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Spokane, Washington  Est. May 19, 1883

Dan Webster: Superb acting, dramatic screenwriting take front stage in Netflix’s ‘Nyad’ film

Annette Bening as Diana Nyad in a scene from the movie “Nyad.”  (Liz Parkinson/Netflix)
By Dan Webster For The Spokesman-Review

Diana Nyad is a name familiar to anyone who follows marathon swimming. Let’s be honest, though: That’s a pretty small assemblage.

Others of us know Nyad as a television commentator, the author of four books and as a motivational speaker. Still, it was her career as a long-distance swimmer that earned Nyad her greatest fame – a career highlighted by her five attempts, and eventual success at age 64, to swim from Cuba to Key West, Florida.

That feat is what the filmmakers Elizabeth Chai Vasarhelyi and Jimmy Chin focus on in their Netflix streaming feature film titled simply “Nyad.”

You’d suspect that with two first-rate actresses cast in the film’s key roles – Annette Bening as Nyad, Jodie Foster as her friend and coach Bonnie Stoll – that co-directors Vasarheyl and Chin would start out with a distinct advantage. And, of course, they do.

Bening, a four-time Oscar nominee, is superb as Nyad, capturing the woman’s abrasive and obsessive temperament – the very kind of temperament that many high-achieving athletes possess. Foster, also a four-time Oscar nominee (but also a two-time winner), is Bening’s match as the exact kind of friend, supportive but demanding, that Nyad needs.

Having good actors, though, is no guarantee that any first-time narrative filmmakers would have the skill needed to direct a convincing feature. That view applies even two people such as Vasarhelyi and Chin who co-directed a pair of acclaimed documentaries, 2021’s “The Rescue” and 2018’s Oscar-winning “Free Solo.”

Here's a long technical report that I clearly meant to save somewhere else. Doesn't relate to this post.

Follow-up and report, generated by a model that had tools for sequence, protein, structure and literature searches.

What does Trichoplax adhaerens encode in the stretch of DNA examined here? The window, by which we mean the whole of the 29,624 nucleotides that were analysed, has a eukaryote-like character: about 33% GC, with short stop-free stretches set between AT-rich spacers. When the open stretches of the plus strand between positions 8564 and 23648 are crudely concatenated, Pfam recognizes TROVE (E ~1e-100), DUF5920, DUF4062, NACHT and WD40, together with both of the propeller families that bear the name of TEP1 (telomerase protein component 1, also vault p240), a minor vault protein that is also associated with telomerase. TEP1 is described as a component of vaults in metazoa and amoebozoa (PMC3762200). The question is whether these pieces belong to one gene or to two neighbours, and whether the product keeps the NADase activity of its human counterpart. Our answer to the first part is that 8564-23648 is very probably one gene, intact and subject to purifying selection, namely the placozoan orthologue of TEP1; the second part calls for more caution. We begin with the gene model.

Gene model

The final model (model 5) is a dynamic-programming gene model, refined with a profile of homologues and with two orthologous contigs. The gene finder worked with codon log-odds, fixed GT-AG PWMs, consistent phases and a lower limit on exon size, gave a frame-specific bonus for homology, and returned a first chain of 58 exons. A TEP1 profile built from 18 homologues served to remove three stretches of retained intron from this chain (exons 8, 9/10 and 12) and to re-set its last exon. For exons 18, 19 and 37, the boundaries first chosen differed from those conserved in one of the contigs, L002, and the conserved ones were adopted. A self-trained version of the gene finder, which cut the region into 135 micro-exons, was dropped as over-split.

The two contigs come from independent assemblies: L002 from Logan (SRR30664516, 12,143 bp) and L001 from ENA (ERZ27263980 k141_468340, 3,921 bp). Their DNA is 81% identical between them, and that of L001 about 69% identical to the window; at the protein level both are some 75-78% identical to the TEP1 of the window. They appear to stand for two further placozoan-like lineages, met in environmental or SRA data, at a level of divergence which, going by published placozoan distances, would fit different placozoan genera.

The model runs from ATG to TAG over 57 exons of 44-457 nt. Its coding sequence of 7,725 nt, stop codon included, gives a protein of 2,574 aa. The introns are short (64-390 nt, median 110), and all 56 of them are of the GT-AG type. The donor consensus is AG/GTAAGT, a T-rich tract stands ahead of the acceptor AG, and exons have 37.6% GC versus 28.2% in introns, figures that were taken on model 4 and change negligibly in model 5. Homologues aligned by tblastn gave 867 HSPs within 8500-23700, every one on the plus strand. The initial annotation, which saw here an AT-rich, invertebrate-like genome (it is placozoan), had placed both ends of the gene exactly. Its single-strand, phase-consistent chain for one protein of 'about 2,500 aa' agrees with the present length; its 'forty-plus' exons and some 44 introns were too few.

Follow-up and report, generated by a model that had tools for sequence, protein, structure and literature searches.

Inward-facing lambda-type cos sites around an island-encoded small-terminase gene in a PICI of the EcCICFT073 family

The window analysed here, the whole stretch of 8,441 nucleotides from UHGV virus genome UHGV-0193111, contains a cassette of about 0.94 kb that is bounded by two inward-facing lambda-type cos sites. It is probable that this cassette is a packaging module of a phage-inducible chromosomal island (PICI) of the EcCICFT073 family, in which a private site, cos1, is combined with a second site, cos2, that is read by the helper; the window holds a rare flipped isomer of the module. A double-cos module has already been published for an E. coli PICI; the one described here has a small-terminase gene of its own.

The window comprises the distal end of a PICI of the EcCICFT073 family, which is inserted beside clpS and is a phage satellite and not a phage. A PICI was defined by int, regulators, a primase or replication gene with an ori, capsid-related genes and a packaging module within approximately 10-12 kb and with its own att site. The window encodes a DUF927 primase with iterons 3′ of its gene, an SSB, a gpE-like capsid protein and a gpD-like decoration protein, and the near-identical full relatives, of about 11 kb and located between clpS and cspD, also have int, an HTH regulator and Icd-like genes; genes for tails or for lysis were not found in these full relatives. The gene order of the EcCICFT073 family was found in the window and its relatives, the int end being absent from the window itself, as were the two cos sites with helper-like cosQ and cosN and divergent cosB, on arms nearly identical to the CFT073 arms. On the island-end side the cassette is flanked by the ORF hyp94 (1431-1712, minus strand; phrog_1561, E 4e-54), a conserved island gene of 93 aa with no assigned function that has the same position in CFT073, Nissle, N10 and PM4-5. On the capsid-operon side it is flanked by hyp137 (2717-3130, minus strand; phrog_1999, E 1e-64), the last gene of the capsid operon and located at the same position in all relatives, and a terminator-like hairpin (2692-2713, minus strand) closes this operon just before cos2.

Which is where the teamwork that directors depend on comes in. Screenwriter Julia Cox has crafted a script that, yes, is filled with embellishments that are typical of Hollywood’s penchant for “dramatic effect” – a shark attack that never happened, for example.

Despite this, Cox manages to capture the strained relationship that the self-absorbed Nyad has with everyone around her. Even more surprising, though, she is able to make believable the crew’s willingness to help Nyad achieve what, following four previous failures, seems like the impossible.

Because while two people had done the swim previously, no one had done it the way Nyad intended – with no assistance and, most important, no shark cage. And while the question of whether she actually abided by her “unassisted” claim is still being debated, nobody denies the fact that on the afternoon of Sept. 2, 2013 – 53 hours after departing Cuba – Nyad stumbled onto the beach at Key West.

Several film productions over time have been set on the open sea, and the tales of trouble surrounding such projects as “Waterworld” and “Cutthroat Island” are legendary. “Nyad,” it seems, avoided a similar fate. In the end, what Vasarhelyi and Chin have put on the screen does manage to create a palpable feeling of suspense.

To do that with an outcome already so well-documented seems almost as impossible as Nyad’s effort itself.